Allow your reputation to speak for itself

May 4, 2017

Your article “Chartered UK scientists: benchmark or bureaucracy?” (News, 20 April) reported on the Science Council’s drive to get more academics and university technicians to seek professional recognition by registering or achieving chartered status.

Neither the Science Council nor my own professional institute understands that there are plenty of real scientists working outside the confines of academia and commercial research organisations. The evolving system sets a trend to exclude all who do not collaborate in formal institutional “research teams” – as James Lovelock observed in his most recent book, the days of the lone scientist are almost over.

Yet some of us still survive. A few are “mavericks” – the “free professionals” who work as consultants to international agencies and even (Heaven forbid!) lawyers. Others of us are supposedly retired, members of the Old Codger Brigade, who are at last free to say what we really think about the mediocratic bureaucracy that is now trying to cram recruits to our profession into identical, clearly labelled little grey boxes.

Fifteen months ago, I formally refused to continue to register as a “chartered scientist”, to the surprise of those in my society, of which I am a fellow. People don’t do such things, their response implied – how will your peers regard you if you recant after so many years as a professional scientist?

Well, I didn’t recant at all – I just told them that the whole thing was a charade, a box-ticking classification system that has absolutely no meaning as an indicator of my science credentials. It is, in fact, a scam designed to collect yet more taxes from fearful, gullible up-and-coming young science professionals. As a free professional with a heck of a track record, and a card-carrying loner, the people for whom I’ve worked in the past know what I do and how I do it. I’ve never had to carry the crutch of professional indemnity insurance, and never lost a case in court.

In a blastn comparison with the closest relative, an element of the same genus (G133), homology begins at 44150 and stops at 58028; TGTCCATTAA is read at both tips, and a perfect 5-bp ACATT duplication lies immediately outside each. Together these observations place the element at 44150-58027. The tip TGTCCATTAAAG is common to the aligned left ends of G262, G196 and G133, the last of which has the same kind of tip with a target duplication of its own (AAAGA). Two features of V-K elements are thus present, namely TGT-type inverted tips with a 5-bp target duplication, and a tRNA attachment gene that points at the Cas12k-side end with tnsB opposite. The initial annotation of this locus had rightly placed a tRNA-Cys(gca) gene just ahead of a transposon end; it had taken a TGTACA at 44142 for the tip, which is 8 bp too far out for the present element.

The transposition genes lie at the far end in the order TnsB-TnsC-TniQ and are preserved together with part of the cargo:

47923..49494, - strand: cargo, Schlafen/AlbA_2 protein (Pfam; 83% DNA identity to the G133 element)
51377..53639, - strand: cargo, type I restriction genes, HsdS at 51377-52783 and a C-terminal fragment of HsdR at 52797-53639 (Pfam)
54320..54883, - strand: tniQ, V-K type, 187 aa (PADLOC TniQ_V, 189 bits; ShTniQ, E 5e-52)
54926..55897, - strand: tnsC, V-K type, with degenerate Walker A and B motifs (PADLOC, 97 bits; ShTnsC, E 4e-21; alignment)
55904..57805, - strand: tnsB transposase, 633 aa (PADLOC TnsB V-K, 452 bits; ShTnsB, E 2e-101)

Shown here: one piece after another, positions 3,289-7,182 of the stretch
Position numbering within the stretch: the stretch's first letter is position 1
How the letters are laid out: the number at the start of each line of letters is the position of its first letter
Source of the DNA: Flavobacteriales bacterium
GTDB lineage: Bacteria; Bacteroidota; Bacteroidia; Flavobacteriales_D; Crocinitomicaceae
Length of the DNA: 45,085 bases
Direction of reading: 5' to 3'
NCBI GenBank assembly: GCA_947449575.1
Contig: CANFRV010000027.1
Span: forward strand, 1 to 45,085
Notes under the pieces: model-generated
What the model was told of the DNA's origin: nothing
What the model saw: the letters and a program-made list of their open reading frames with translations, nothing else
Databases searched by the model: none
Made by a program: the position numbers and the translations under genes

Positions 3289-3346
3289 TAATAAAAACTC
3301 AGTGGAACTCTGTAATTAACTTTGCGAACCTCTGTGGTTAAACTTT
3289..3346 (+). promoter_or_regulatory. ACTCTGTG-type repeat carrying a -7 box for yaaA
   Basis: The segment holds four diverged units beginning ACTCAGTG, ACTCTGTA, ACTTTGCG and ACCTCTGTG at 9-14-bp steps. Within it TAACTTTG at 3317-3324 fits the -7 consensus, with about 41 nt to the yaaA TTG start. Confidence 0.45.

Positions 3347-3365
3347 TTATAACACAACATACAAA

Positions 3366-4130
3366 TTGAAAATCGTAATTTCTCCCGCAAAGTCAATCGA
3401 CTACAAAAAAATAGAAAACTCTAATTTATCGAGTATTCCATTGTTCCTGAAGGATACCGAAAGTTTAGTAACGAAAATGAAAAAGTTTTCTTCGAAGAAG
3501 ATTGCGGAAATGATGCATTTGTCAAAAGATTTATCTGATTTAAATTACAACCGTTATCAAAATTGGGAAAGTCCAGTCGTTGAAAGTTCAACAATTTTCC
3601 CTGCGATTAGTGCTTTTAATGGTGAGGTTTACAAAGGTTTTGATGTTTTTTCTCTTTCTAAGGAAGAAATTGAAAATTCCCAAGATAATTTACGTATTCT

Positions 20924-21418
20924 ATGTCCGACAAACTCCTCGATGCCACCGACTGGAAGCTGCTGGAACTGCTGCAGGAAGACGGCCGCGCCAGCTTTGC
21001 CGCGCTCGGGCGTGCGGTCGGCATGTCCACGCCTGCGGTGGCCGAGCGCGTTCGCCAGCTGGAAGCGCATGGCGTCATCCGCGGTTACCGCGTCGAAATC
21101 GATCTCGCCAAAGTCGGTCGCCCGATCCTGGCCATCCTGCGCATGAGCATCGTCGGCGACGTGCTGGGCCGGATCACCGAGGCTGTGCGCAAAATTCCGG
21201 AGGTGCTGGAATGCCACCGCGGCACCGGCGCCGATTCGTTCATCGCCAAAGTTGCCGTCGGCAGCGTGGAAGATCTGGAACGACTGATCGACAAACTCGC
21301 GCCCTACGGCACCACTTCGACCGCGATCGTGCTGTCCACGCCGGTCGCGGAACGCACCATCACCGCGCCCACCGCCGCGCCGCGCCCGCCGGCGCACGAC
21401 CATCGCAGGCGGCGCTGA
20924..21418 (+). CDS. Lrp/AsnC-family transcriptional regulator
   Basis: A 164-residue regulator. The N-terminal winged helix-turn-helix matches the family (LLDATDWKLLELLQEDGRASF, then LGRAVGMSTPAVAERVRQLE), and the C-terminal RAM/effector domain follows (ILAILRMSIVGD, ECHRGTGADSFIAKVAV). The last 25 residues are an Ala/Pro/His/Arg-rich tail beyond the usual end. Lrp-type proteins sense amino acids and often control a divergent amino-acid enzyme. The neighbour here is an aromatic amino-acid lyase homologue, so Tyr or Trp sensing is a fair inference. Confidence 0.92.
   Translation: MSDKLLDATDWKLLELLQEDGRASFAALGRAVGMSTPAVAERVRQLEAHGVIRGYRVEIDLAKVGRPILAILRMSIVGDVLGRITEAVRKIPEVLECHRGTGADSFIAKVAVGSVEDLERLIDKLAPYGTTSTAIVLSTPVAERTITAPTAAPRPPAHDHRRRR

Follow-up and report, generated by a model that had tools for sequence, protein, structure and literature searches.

Continuing professional development – the dreary annual accounting demanded for chartered scientist status and other such trivia – is a worthless and easily manipulated paper exercise. This registration caper is merely an inevitable extension of a grotesquely failing higher education system that is designed to provide “qualifications” – such as degrees – for all. Very recently, I also resigned from a proposed post as a visiting lecturer after a full two hours. The final-year students had not the faintest understanding of the material that I was expected to provide them, yet on eventual inevitable graduation they would be enticed into the new qualifications merry-go-round by the professional societies and the Science Council.

We parted on good terms, the Science Council and I, with absolutely no expectations of any re-examination of any change in course. My society was less sanguine about my abandoning its cherished project, but my defection hasn’t made the slightest difference to my reputation or standing.

So if you as a scientist, engineer or any other professional are willing to rely on your track record rather than meaningless CPD to keep the salary rolling in, don’t be afraid to stand up against the mediocrats. The people who need your talents will spot them and offer what they consider you are really worth to them. The days of the interminable string of post-nominals are past – as I wrote on my blog “Forget the CPD – just call me Mister!”


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